China's Steel Quandary: A Forecasted Decline

China's steel demand is anticipated to decrease by 3.3% in 2023 and further shrink by 1.7% in 2024, owing to a notable slump in
Steel China
Steel ChinaImage Source: Xinhua


China's steel demand is anticipated to decrease by 3.3% in 2023 and further shrink by 1.7% in 2024, owing to a notable slump in construction activities. The country's top steel producer, facing surplus production, foresees a decline in demand due to economic pressures, particularly from the debt-ridden property sector.



China, the global epitome of steel production, faces a challenging outlook for its steel industry. Projections by the China Metallurgical Industry Planning and Research Institute (MPI) paint a concerning picture. A projected 3.3% reduction in steel demand for 2023, coupled with an additional 1.7% decline in 2024, highlights an imminent slowdown in this pivotal sector.

The staggering figures unveiled during a recent MPI press briefing revealed that China, despite being at the zenith of steel production, faces an excessive output scenario. With an estimated consumption of 890 million metric tons in 2023, a surplus looms large, exacerbating existing concerns.

The data further unveils China's formidable steel manufacturing prowess, boasting a substantial production of 952.14 million metric tons in the initial 11 months of 2023, a marginal uptick from the preceding year. Concurrently, the surge in steel exports, reaching a notable 82.66 million tons in 2023, adds complexity to the industry's predicament.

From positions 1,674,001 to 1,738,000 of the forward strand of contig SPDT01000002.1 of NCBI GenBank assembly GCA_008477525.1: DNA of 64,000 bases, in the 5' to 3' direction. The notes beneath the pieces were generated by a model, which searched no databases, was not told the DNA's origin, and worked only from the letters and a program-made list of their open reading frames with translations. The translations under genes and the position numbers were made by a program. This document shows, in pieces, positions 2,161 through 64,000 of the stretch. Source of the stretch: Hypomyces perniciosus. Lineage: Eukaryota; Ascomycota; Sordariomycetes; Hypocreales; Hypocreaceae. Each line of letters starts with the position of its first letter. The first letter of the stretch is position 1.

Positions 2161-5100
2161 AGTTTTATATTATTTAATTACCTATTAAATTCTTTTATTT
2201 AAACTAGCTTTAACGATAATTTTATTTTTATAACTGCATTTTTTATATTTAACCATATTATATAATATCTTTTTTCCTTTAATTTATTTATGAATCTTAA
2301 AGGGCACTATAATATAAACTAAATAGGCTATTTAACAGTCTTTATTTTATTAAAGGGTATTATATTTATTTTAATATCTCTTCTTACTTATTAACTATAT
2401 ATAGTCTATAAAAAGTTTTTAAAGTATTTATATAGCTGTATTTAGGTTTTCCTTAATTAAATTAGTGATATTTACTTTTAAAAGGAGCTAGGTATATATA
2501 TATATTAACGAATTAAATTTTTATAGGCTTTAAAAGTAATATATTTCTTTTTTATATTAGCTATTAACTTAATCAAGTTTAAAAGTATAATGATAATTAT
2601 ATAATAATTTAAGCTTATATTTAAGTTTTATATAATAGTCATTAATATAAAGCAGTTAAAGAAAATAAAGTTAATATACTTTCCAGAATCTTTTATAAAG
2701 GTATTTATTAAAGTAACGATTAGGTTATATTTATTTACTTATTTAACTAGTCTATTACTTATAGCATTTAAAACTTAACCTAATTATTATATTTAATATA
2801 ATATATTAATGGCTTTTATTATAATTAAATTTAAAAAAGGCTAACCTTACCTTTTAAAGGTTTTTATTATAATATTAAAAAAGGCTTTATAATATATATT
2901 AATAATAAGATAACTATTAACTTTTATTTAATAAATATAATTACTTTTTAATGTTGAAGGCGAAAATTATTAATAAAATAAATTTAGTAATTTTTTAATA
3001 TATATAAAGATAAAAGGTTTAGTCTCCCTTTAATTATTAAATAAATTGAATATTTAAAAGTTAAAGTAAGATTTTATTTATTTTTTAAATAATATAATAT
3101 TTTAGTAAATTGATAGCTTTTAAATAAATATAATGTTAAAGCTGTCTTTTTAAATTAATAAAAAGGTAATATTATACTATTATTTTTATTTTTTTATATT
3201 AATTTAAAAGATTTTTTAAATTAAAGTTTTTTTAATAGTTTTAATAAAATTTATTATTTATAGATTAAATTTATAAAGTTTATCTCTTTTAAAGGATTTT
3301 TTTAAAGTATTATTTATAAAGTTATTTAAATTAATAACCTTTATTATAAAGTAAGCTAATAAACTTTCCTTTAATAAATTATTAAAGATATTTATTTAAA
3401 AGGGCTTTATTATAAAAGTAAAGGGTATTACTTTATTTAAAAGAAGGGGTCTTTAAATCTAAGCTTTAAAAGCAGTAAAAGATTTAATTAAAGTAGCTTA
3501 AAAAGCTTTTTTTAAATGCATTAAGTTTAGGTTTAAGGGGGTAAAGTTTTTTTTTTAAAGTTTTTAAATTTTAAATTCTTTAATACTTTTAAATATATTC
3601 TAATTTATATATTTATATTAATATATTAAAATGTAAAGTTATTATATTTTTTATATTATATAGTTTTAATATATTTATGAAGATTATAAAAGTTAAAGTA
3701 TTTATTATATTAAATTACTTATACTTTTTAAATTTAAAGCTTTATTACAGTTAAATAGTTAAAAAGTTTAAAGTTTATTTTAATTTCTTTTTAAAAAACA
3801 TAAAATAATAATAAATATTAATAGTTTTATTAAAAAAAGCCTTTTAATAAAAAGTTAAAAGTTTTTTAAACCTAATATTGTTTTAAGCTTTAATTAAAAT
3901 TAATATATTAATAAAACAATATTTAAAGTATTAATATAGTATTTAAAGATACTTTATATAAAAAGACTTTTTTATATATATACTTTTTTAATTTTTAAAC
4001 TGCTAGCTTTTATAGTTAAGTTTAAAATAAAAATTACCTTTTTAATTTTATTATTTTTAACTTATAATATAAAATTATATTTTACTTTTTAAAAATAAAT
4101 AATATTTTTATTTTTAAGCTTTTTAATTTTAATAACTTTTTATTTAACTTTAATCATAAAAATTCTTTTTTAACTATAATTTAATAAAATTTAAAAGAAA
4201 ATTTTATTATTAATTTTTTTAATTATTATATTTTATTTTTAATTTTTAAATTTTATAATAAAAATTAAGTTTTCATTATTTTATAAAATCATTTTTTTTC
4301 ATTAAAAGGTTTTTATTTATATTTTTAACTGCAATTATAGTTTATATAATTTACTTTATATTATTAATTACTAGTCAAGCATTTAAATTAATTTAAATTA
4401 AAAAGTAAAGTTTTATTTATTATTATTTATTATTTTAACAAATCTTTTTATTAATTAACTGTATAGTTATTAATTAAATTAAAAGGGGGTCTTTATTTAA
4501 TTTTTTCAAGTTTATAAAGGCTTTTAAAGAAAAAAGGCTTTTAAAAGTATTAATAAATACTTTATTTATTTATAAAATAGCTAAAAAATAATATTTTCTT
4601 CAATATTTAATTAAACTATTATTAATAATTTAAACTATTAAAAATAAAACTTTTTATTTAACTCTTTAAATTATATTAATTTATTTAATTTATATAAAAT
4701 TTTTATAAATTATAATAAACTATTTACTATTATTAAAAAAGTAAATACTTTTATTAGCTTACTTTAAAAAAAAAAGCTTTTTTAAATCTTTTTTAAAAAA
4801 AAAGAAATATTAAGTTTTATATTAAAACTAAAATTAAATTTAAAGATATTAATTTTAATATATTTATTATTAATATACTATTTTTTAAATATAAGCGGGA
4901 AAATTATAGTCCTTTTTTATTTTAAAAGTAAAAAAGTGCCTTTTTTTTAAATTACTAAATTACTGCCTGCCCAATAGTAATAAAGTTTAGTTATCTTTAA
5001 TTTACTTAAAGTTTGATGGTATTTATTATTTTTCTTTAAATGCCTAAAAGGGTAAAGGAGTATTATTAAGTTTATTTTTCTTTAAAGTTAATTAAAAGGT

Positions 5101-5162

The underlying woes of China's steel landscape find their roots in the beleaguered property sector, significantly affecting the demand for construction steel. An anticipated 4.8% decline in construction steel demand, plummeting to 506 million metric tons in 2023 from the previous year, underscores the sector's distress.

Amidst this decline, a glimmer of hope emerges from the infrastructure sector, poised to partially alleviate the anticipated slump. Xiao Bangguo, vice president of MPI, underscores the projected support from governmental sovereign debt issuance and frontloaded local government debts, expected to buttress the infrastructure domain in 2024.

However, Guan Zhijie, vice general engineer at MPI, forecasts a potential dip in steel exports in 2024, attributed to a deceleration in global economic growth.


China's steel industry stands at a crossroads, navigating through an intricate maze of economic shifts and sectoral dynamics. The forecasts presented by MPI portend a challenging trajectory, with looming contractions in demand amid surplus production. The interplay between governmental support measures and evolving global economic landscapes will likely shape the industry's resilience and future trajectory.

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